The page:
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Country Reports
MOROCCO, Landmine Monitor Report 1999


Mine Ban Policy

Morocco has not signed the Mine Ban Treaty. Morocco attended the treaty preparatory conferences, the Oslo treaty negotiations, and the Ottawa treaty signing ceremony, but only as an observer in each case. It did not endorse the pro-treaty Brussels Declaration in June 1997. Morocco voted in favor of the 1996 UN General Assembly Resolution urging states to pursue vigorously an international agreement banning antipersonnel mines (passed 156-0, with 10 abstentions), but it was one of just eighteen countries which abstained from voting on the 1997 UNGA Resolution inviting all states to sign the Mine Ban Treaty; and one of nineteen countries which abstained from voting on the 1998 UNGA resolution welcoming new signatories to the treaty and urging its full implementation.

Morocco is not a state party to the 1980 Convention on Conventional Weapons. It is a member of the Conference on Disarmament, but has not been a noted supporter of efforts to negotiate a mine transfer ban in that forum.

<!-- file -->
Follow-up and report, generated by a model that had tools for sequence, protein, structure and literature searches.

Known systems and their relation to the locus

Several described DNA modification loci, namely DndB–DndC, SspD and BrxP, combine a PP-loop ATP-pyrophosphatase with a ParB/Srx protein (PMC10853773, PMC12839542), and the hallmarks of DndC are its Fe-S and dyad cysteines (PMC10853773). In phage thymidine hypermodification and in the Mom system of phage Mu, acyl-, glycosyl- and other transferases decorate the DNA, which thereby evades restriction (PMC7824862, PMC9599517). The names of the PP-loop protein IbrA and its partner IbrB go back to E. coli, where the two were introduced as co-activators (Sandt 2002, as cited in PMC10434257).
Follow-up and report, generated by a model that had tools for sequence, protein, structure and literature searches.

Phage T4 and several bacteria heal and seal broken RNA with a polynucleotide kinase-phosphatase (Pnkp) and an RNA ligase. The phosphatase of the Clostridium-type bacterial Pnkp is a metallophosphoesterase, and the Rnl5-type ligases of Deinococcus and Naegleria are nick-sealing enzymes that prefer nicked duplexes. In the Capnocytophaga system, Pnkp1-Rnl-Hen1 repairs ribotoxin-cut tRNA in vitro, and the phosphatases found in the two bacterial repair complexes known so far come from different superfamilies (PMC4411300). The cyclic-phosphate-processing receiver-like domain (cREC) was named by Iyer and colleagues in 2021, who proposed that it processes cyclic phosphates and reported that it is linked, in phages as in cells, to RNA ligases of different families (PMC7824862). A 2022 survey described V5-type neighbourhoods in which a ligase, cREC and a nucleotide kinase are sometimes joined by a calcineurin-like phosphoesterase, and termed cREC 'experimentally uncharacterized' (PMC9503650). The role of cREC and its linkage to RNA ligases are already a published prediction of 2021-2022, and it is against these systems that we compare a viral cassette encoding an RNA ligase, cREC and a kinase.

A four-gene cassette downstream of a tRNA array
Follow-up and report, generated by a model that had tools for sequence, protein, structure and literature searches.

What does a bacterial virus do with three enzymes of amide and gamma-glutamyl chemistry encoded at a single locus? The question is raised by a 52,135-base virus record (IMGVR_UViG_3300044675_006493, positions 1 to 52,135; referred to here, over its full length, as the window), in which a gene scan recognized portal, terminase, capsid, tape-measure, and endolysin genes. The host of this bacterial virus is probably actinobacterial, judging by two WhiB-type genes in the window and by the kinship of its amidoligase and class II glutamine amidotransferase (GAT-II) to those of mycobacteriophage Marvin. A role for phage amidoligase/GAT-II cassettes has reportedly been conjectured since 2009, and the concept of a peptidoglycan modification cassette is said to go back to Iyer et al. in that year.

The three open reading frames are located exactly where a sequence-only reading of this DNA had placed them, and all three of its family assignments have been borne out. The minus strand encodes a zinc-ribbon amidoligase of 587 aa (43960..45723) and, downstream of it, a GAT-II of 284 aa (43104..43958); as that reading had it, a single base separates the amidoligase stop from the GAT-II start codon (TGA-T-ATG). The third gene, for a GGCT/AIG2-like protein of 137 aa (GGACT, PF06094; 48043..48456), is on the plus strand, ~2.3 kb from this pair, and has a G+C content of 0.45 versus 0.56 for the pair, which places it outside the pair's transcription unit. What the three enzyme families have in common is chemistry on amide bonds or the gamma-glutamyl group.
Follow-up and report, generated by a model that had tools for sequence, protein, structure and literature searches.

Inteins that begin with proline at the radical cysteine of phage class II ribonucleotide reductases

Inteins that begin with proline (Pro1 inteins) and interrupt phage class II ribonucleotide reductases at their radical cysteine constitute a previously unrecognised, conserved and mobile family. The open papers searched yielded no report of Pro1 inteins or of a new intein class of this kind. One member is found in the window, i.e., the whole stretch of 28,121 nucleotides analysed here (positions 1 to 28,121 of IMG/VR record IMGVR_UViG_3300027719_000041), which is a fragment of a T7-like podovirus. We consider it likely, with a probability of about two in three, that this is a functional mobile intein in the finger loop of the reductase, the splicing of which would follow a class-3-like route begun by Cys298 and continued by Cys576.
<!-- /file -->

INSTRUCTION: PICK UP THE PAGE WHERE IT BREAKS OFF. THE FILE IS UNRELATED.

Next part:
Production, Transfer and Stockpiling

Morocco does not produce antipersonnel mines, and is not know to have exported mines. Morocco has imported numerous types of mines. According to an Italian research institute, during a three year period from 1976 to 1978, Morocco imported a total of $6.5 million worth of VS-50 antipersonnel and VS-1.6 antitank mines from the Italian company Valsella.[1] Morocco is also known to have mines of Spanish, Russian, French, and U.S. origin.[2] There is, at present, no concrete information on the number and types of mines Morocco retains in its stock.


Morocco has an estimated 200,000 landmines on its territory, the majority of which are concentrated in southern Morocco and Western Sahara.[3] (See also the special report on Western Sahara). Moroccan mine use has been concentrated in the disputed Western Sahara, of which Morocco currently controls over seventy-five percent. The battle for Western Sahara began in 1976 after the departure of Spanish colonial forces, Morocco laid claim to the territory but had to battle Mauritania and the Western Sahara independence movement Frente Polisario, the Front for the Liberation of Saguia el Hamra and Rio de Oro. In 1979, Mauritania exited the conflict and Morocco soon annexed most of the former Mauritanian claim in the south of the Territory. During the 1980's, Morocco's strategy was to slowly consolidate its control over the territory. This strategy relied heavily on landmines. A UN brokered cease-fire and plan for a referendum on integration into Morocco or independence for the Territory came into effect in 1991. The planned referendum has experienced endless delays over the past eight years.